About ten percent of those who took perpetual religious vows in the U.S. in 2013 said that educational debt delayed their application to religious orders or institutes, a new survey says.
The findings come in the annual report of Georgetown University's Center for Applied Research in the Apostolate, summarized by the U.S. Conference of Catholic Bishops.
Vowed religious had a median educational debt of $30,000 when they first applied to join their religious institute. Among the ten percent of respondents whose debt delayed their application to an institute, their average delay was two years.
The study surveyed men and women religious who professed perpetual vows in 2013. The survey received a response from 460 of 823 major superiors, who referred them to 107 women and men.
The professed religious who responded to the survey numbered 69 sisters and nuns and 11 brothers.
No religious brothers said they received assistance in paying down their debt. Several women religious reported assistance from family members, friends, or co-workers. Some reported assistance from their religious institute, their parish, or organizations like the Labouré Society, the Serra Fund for Vocations, the Mater Ecclesiae Fund for Vocations, or the Knights of Columbus.
Almost 90 percent of responding religious institutes had no professions of perpetual religious vows in 2013. About 10 percent reported one such profession, while three percent reported two or more.
In 2013, the average age of religious profession was 41. The youngest was 26 years old and the oldest was 73.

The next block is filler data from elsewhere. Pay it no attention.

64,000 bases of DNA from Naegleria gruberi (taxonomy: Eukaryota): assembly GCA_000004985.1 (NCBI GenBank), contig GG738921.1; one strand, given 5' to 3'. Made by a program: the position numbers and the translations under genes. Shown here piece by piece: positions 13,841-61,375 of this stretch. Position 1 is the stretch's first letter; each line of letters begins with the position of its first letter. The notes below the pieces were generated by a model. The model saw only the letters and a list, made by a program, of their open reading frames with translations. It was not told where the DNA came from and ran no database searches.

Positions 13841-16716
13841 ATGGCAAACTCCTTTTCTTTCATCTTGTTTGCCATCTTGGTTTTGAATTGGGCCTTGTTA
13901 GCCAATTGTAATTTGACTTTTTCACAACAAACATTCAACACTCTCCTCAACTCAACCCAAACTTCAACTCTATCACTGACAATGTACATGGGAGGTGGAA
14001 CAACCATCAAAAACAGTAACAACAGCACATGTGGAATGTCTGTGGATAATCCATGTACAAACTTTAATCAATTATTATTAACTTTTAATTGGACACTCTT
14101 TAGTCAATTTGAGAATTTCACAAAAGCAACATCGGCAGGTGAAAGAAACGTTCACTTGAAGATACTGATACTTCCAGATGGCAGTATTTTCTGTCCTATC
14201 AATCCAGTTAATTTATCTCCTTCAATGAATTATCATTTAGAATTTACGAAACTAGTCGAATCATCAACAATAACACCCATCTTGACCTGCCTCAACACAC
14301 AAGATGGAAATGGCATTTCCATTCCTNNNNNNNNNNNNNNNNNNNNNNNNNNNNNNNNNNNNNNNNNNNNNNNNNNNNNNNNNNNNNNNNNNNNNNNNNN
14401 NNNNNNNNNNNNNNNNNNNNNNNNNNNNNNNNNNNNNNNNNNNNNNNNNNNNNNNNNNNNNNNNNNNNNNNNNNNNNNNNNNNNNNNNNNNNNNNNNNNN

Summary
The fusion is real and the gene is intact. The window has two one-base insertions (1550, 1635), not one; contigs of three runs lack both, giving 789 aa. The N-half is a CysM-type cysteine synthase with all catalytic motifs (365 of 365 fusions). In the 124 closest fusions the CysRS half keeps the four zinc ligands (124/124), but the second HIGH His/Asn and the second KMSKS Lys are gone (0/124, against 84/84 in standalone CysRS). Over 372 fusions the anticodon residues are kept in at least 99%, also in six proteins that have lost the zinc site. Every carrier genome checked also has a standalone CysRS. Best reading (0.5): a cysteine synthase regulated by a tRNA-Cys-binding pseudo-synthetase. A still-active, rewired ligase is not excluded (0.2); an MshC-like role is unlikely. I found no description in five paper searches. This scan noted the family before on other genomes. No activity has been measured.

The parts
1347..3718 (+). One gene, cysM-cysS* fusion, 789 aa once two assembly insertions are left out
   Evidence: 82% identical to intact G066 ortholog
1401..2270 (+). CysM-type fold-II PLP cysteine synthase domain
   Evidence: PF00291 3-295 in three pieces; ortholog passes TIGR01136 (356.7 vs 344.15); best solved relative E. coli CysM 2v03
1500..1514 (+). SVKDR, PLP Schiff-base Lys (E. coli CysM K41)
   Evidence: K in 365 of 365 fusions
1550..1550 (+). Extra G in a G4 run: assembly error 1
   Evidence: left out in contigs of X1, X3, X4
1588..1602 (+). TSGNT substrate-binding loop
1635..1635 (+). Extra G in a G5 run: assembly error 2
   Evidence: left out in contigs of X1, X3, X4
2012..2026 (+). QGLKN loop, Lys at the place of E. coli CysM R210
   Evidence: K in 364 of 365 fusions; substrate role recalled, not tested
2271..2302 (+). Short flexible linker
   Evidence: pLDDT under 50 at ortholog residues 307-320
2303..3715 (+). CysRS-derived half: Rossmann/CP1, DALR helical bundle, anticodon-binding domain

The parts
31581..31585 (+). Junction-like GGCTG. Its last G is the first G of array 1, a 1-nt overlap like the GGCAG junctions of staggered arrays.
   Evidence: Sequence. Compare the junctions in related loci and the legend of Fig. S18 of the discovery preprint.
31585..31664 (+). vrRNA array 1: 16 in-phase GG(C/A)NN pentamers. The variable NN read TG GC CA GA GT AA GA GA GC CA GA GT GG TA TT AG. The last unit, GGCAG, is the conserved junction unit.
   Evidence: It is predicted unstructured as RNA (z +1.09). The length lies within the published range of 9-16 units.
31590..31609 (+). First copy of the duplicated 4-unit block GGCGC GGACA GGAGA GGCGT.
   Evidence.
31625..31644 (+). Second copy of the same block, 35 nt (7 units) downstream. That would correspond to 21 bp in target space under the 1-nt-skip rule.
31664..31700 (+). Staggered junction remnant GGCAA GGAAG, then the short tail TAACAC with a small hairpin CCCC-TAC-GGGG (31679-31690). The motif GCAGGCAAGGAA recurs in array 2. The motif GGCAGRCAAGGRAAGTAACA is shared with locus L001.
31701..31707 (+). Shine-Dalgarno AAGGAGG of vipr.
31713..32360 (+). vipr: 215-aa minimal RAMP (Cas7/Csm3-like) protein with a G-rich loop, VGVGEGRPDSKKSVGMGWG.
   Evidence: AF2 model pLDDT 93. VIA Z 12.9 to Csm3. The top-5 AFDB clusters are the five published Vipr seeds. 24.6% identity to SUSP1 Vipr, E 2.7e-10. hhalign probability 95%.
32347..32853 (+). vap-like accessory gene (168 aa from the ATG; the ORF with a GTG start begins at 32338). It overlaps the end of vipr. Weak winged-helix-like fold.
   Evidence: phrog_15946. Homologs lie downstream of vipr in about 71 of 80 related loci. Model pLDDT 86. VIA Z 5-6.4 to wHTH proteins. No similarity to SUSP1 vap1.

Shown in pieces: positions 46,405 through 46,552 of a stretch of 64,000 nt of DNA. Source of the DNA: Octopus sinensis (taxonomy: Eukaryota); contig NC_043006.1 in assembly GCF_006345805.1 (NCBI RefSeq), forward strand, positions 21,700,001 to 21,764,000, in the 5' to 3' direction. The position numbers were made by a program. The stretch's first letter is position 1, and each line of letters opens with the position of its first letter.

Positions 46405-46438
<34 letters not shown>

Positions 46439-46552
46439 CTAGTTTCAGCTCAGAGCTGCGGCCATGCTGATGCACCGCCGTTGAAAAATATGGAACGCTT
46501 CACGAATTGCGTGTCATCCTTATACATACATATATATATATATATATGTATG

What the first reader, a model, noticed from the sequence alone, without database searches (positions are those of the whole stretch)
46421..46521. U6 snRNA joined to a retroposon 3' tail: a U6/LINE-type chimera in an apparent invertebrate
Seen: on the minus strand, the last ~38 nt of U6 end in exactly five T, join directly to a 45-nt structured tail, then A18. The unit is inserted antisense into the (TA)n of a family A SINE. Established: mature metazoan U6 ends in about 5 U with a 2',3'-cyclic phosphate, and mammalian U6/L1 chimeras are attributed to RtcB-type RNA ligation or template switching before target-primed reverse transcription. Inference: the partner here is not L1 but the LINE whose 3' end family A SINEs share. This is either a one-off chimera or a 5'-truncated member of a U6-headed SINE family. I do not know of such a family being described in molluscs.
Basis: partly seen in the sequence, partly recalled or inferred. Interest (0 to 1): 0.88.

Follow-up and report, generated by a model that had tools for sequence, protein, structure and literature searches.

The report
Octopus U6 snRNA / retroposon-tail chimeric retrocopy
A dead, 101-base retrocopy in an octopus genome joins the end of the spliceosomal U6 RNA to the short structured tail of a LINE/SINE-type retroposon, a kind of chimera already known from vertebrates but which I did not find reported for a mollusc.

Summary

About 74 percent of respondents identified as white, 14 percent identified as Asian, and 12 percent identified as Hispanic.
More than 75 percent were born in the U.S. The second-most common country of origin was Vietnam. Sixty-seven percent of Hispanic respondents were born in the U.S.
Foreign-born respondents were 22 years old on average when they first came to the U.S. They lived in the U.S. for 17 years before making perpetual vows.
About 82 percent of respondents were Catholic since birth and almost as many had parents who were both Catholic. The 18 percent of converts converted at an average age of 22. They were more likely to have attended a Catholic high school and much more likely to have attended a Catholic college than the general Catholic population.
About half of respondents participated in youth ministry or youth group, while about 33 percent participated in college campus ministry. Respondents were active in faith formation or social service ministry, while ten percent taught in a Catholic school or served in hospital or prison ministry.
Almost all had a regular private prayer life, while 70 percent participated in Eucharistic Adoration. More than 50 percent regularly prayed the rosary or participated in spiritual direction.
Almost all took part in a vocation program or vocation retreat before entering their religious institute.